But to extend it so far as to suppose that species, aboriginally as distinct as carriers, tumblers, pouters, and fantails now are, should yield offspring perfectly fertile, inter se, seems to me rash in the extreme.
The males and fertile females do no work of any kind, and the workers or sterile females, though most energetic and courageous in capturing slaves, do no other work.
I allude to the neuters or sterile females in insect communities: for these neuters often differ widely in instinct and in structure from both the males and fertile females, and yet, from being sterile, they cannot propagate their kind.
These latter, by which alone the variety can be propagated, may be compared with the fertile male and female ants, and the double sterile plants with the neuters of the same community.
Hence, we may conclude that slight modifications of structure or of instinct, correlated with the sterile condition of certain members of the community, have proved advantageous; consequently the fertile males and females have flourished, and transmitted to their fertile offspring a tendency to produce sterile members with the same modifications.
He is as emphatic in his conclusion that some hybrids are perfectly fertile--as fertile as the pure parent-species--as are Kolreuter and Gartner that some degree of sterility between distinct species is a universal law of nature.
I have taken some pains to ascertain the degree of fertility of some of the complex crosses of Rhododendrons, and I am assured that many of them are perfectly fertile.
Quatrefages states that the hybrids from two moths (Bombyx cynthia and arrindia) were proved in Paris to be fertile inter se for eight generations.
In India, however, these cross-bred geese must be far more fertile; for I am assured by two eminently capable judges, namely Mr. Blyth and Captain Hutton, that whole flocks of these crossed geese are kept in various parts of the country; and as they are kept for profit, where neither pure parent-species exists, they must certainly be highly or perfectly fertile.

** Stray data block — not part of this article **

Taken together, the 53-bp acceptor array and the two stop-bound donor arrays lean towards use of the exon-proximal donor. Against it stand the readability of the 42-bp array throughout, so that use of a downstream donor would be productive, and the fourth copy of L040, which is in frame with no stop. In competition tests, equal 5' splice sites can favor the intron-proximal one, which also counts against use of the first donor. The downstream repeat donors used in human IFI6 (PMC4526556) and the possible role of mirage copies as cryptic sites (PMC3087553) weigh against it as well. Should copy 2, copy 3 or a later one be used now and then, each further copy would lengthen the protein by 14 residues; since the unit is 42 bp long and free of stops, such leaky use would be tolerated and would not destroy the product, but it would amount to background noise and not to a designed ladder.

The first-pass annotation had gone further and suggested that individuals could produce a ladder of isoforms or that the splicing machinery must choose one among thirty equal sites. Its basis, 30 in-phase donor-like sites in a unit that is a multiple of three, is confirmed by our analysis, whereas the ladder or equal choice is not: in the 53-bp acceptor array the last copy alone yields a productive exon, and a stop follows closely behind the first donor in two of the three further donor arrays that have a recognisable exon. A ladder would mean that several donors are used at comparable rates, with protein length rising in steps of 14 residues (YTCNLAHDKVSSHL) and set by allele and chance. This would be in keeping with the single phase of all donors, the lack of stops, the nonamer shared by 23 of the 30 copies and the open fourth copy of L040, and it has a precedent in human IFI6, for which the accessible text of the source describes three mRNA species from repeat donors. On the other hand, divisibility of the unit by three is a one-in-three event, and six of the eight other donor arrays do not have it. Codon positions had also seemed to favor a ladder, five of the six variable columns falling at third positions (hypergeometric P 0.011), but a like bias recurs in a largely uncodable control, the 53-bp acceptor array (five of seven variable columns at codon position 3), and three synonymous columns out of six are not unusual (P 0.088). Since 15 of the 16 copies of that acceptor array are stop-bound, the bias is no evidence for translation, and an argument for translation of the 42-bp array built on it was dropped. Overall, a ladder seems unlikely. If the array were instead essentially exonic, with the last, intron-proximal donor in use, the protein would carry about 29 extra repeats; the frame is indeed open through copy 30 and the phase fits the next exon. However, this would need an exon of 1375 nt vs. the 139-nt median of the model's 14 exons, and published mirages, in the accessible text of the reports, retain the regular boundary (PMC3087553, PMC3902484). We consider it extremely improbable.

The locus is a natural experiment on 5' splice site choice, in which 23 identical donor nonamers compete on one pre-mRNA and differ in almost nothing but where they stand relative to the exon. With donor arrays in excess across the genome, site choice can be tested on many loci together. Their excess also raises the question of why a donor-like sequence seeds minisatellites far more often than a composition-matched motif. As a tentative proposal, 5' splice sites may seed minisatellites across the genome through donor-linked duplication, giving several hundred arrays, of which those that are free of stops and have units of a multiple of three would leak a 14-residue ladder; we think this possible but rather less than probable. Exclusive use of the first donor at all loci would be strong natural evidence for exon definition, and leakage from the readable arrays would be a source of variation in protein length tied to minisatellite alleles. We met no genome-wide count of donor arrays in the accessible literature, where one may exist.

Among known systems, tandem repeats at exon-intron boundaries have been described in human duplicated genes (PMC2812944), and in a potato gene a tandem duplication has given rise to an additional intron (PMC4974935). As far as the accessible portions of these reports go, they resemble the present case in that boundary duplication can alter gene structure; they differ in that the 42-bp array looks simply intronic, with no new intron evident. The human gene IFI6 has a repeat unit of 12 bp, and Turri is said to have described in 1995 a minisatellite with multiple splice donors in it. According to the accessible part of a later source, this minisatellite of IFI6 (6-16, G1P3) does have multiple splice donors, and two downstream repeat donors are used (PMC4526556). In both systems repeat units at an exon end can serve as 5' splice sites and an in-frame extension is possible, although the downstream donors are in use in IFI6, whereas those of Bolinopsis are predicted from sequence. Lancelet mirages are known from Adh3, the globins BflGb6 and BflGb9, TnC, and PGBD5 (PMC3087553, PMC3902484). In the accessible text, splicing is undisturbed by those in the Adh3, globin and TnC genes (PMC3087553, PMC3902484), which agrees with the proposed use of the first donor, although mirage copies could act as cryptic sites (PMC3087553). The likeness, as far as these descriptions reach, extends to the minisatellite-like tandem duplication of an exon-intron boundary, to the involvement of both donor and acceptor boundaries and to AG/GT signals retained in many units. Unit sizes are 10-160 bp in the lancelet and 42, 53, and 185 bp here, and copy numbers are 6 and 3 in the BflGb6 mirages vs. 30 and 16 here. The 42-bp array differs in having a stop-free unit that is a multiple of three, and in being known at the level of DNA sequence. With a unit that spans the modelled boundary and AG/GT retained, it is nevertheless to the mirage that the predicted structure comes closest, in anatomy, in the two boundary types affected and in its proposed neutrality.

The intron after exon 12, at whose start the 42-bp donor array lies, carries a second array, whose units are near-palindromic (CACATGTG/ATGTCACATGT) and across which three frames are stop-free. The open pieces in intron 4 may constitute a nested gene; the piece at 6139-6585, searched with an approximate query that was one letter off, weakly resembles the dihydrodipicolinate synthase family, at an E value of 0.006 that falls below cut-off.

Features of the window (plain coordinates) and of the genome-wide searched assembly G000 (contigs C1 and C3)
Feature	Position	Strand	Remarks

From this fact we must conclude either that the aboriginal parent-species at first produced perfectly fertile hybrids, or that the hybrids subsequently reared under domestication became quite fertile.
It is, for instance, almost certain that our dogs are descended from several wild stocks; yet, with perhaps the exception of certain indigenous domestic dogs of South America, all are quite fertile together; but analogy makes me greatly doubt, whether the several aboriginal species would at first have freely bred together and have produced quite fertile hybrids.
On the other hand, there are species which can be crossed very rarely, or with extreme difficulty, but the hybrids, when at last produced, are very fertile.
Why should some species cross with facility and yet produce very sterile hybrids; and other species cross with extreme difficulty, and yet produce fairly fertile hybrids?
So that with dimorphic species two unions, which may be called legitimate, are fully fertile; and two, which may be called illegitimate, are more or less infertile.
With trimorphic species six unions are legitimate, or fully fertile, and twelve are illegitimate, or more or less infertile.
The chief result is that these illegitimate plants, as they may be called, are not fully fertile.
It cannot be maintained that species when intercrossed are invariably sterile and varieties invariably fertile; or that sterility is a special endowment and sign of creation.
I am convinced that Mr. Micawber, giving his mind to a profession so adapted to his fertile resources, and his flow of language, must distinguish himself.
Here was the same beautiful scene, the same abundant foliage, the same splendid palaces and magnificent ruins, the same silver river running between its fertile banks.
He has occasional employment on the same newspaper, in getting up the facts of dry subjects, to be written about and embellished by more fertile minds.
More Vocab Words::: meter - arrangement of words in the form of poetry (by accentual rhythm)
::: ineffable - unutterable; not to be uttered; taboo; that cannot be expressed in speech; indescribable; unspeakable; inexpressible; Ex. ineffable name/joy
::: expenditure - payment or expense; expending; something expended; output; Ex. receipt for the expenditure; Ex. expenditure of all the energy
::: earthy - unrefined; coarse; of earth; Ex. earthy remarks; OP. ethereal
::: integrate - make whole; combine; make into one unit
::: vernacular - living language (as compared to the official language); language spoken in a country or region; natural style; Ex. lapse into the vernacular
::: demur - object (because of doubts, scruples); raise an objection (showing qualms); hesitate; Ex. demur at the idea of working on Sunday
::: peregrination - journey; V. peregrinate
::: pedantic - bookish; showing off learning; marked by an excessive ostentatious concern for book learning; N. pedantry
::: inopportune - untimely; inappropriate or ill-timed; poorly chosen